On June 26, 2019, Senator Tom Udal (D-NM) (re)introduced the Renewable Electricity Standard Act of 2019, which creates a mechanism to push the share of United States electric power produced by renwable sources to 50% by 2035. (Senator Udall first introduced the bill in 2015.) Senators Tina Smith (D-Minn), Martin Heinrich (D-NM), Sheldon Whitehouse (D-RI), and Angus King (I-ME) co-sponsored the bill.
The bill, which would amend the Public Utility Regulatory Policies Act (PURPA), would require large utilities to increase their renewable generation by a gradually increasing 1.5%-2.5% through 2035, and smaller utilities to increase their renewable generation at half that rate. The bill's sponsors note that "[b]y requiring utilities in every state to increase their share of renewables at or above the federal floor and excluding existing renewable generation," it ensures that "no state is at a disadvantage because of where they are starting from."
In the absence of a national renwable standard, 35 states and the District of Columbia have adopted their own renewable standards. This has helped increase the share of electricity produced in the US by renewable sources to over 17%. (Another 20% of our electric power is carbon-free nuclear power, a percentage that will likely hold steady or decline over the next few decades.) However, only 11 states have renewable portfolio standards that meet or exceed the 50% by 2035 goal proposed in the Act, which aims to double the current pace of change in our electricity sector so as to meet the recommendations of the UN Intergovernmental Panel on Climate Change (IPCC).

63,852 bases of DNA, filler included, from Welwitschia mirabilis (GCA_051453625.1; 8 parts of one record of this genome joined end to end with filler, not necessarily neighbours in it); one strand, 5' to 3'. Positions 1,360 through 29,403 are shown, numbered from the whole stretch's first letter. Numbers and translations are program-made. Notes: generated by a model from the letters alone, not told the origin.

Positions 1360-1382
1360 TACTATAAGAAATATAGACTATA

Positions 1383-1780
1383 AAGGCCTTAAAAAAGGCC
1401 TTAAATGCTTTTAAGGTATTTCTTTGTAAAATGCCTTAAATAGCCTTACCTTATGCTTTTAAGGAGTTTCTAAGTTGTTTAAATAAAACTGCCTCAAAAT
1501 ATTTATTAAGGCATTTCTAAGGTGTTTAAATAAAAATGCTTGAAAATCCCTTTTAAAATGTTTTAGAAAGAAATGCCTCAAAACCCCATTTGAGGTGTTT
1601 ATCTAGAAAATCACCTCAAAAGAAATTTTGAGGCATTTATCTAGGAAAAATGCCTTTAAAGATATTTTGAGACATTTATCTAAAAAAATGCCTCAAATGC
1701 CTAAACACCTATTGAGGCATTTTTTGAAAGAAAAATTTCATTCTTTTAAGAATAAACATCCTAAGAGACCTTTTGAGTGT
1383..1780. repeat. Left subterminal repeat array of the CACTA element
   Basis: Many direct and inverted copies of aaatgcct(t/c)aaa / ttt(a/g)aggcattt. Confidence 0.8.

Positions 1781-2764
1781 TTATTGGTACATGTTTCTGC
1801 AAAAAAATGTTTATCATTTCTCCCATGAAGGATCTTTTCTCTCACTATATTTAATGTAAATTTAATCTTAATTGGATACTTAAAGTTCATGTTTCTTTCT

The bill would allow states with renewable energy standards at or above the bill's minimum 50% standard to opt out, as well as states that already get at least 60% of their power from renewables. The Department of Energy would be in charge of ensuring compliance with the bill's requirements.
Finally, the bill would require the Secretary of Energy to submit a plan to Congress for how to change the program after 2035 to achieve full de-carbonization of the electric power sector by 2050.
Multiple renwable energy, science, and environmental groups have endorsed the bill, including the American Council on Renewable Energy (ACORE), American Wind Energy Association (AWEA), the Environmental Working Group, the League of Conservation Voters, the National Wildlife Federation, Physicians for Social Responsibility, the Union of Concerned Scientists, the Sierra Club, and the Wilderness Society.